Some Thoughts on the National Day of Prayer

I’m glad we have a National Day of Prayer.  Our own community observed the NDOP with a service of prayer that included all the churches (!) in our community.  Praise God.  It was great because Christians from very different backgrounds came together and actually prayed!  Powerful stuff.

But there seems to be a strange confusion with the National Day of Prayer, a conflation of church and state.

And that confusion is exemplified by Greg Laurie, the honorary national chairman of the NDOP, in his article in the Washington Post.  He starts out:

Everywhere we look in America, we see signs of decline. That’s because we have largely forgotten God, but the good news is God has not forgotten us.

Pretty good, so far.  Decline.  Remembering and turning to God.  Check.  But then he immediately veers off into the ditch.

In 2 Chronicles 7:14, God says, “If My people who are called by My name will humble themselves, and pray and seek My face, and turn from their wicked ways, then I will hear from heaven, and will forgive their sin and heal their land.”  In other words, America has two options: judgment or revival.

Or not.  If he had bothered to read 2 Chronicles 7, he would know that the context is in the dedication of Solomon’s temple and the LORD’s appearance to the king.  The “my people” is not a nation-state somewhere in the future in the New World.  But “my people” is the faith community, Israel.  Not America.

Yes, I know it can be confusing that in the Old Testament “Israel” refers to a political entity and God’s spiritual people, rolled into one.  They had kings and judges, as well as elders and priests.  The problem is that of analogy.  The contemporary analog of ancient, biblical Israel (as a political-spiritual entity) is not America-and-Christians—except for maybe if you’re a Mormon.  Because if that were true, Barack Obama would be our king/high priest, and Harry Reid and John Boehner would be heads of the Sanhedrin.  But the best analogy for Old Testament Israel, as we read the Bible today, is simply the church.  Jesus is our king and high priest.  And our ecclesiastical leaders function as priests and elders in the OT.  Much better, yes?

Laurie goes on with the mistaken analogy:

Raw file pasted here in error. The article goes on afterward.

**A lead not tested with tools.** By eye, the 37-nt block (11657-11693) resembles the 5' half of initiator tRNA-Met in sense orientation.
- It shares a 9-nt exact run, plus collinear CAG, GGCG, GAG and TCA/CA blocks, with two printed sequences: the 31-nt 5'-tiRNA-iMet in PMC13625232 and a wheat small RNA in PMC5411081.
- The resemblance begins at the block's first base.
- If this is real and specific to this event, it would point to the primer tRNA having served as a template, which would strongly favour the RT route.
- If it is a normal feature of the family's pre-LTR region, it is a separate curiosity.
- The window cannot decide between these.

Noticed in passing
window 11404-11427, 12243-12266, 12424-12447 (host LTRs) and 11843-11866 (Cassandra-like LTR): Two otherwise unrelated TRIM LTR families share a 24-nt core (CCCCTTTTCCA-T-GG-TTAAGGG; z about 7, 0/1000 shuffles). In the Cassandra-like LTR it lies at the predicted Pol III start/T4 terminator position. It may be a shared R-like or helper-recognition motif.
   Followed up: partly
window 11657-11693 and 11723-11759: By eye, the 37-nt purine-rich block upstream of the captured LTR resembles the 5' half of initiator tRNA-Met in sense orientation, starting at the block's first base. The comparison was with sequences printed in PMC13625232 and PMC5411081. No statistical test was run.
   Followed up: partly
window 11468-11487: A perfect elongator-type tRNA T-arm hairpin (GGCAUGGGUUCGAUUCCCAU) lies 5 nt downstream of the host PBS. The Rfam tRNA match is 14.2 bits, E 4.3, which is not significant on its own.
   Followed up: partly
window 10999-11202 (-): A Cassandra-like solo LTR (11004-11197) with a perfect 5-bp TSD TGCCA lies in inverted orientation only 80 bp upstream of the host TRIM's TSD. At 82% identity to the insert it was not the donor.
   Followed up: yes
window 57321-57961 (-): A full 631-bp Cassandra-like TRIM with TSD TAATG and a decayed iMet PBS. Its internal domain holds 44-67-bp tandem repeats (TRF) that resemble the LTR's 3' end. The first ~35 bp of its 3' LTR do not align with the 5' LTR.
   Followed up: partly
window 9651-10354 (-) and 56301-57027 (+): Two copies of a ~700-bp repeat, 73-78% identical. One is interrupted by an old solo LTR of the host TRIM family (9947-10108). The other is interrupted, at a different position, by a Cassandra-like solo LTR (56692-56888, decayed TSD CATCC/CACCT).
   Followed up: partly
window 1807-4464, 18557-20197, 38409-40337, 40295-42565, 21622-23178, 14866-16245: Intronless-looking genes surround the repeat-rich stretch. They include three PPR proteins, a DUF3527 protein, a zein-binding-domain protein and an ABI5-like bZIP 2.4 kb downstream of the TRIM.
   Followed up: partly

Unlike Rome, the United States was built on a Judeo-Christian foundation, but we have strayed dramatically from the vision of our Founding Fathers. Freedom of religion seems to have become freedom from religion. We have removed God from our schools, our sporting events, our public places and our workplaces.

So let me trace the comparison: Our modern “Israel” (aka the United States) was established by divinely guided prophets (the founding fathers); we have strayed from their pristine vision of theocracy by kicking God out of our public life.  Therefore, we are crumbling and need to repent and return to God (even, apparently, the non-Christians among us), reclaiming him in all public places.

Perhaps this has a lot to do with whether you think America was founded as a “Christian nation” or a “nation of Christians” or a secular republic that took no official, precise doctrinal stance on the nature of the almighty Creator mentioned in the founding documents.  Or something else.  But this recounting of America’s history seems a little sloppy and simplistic.

Even Laurie’s last analogy (the repentance of Nineveh after the preaching of Jonah) is flawed.  (And don’t even get me started on his non sequitur about America and the End Times.)  In the ancient world, people groups were bound by social, religious, political, and cultural/linguistic forces (e.g., Assyria and Israel).  Today, we are not.  Our nation, like it or not, does not have one official “god.”  It is set up so we are free to practice our faith as we see fit (unless it’s something illegal!), and that is a good thing.  If the founders had set up an official state church, by the way, Greg Laurie would have to find peace as an Episcopalian!  Or maybe a Presbyterian or a Congregationalist—the other two dominant faith groups in the New World.  The “God” mentioned in the Enlightenment-saturated documents of our founding fathers is probably not the same as the triune God revealed in Jesus Christ, the eternal God-Man who died for humanity’s sins and was raised from the dead, but rather an indolent deistic personality that passively oversees the affairs of humankind.

Don’t get me wrong: I love having the National Day of Prayer.  And yes, we need to repent and return to God.  And when I say “we,” I don’t mean “America,” but I mean “us Christians.”  And yes, it is our job as Christians to make a difference in our society, inviting unbelievers to put their faith in Christ and to embrace lives of righteousness.  But that is a spiritual calling, not a political agenda.

 

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3 thoughts on “Some Thoughts on the National Day of Prayer

  1. Thanks, gentlemen. I don’t mean to criticize those who promote the NDOP; truly their heart is in the right place. But I thought these errors were worth addressing.

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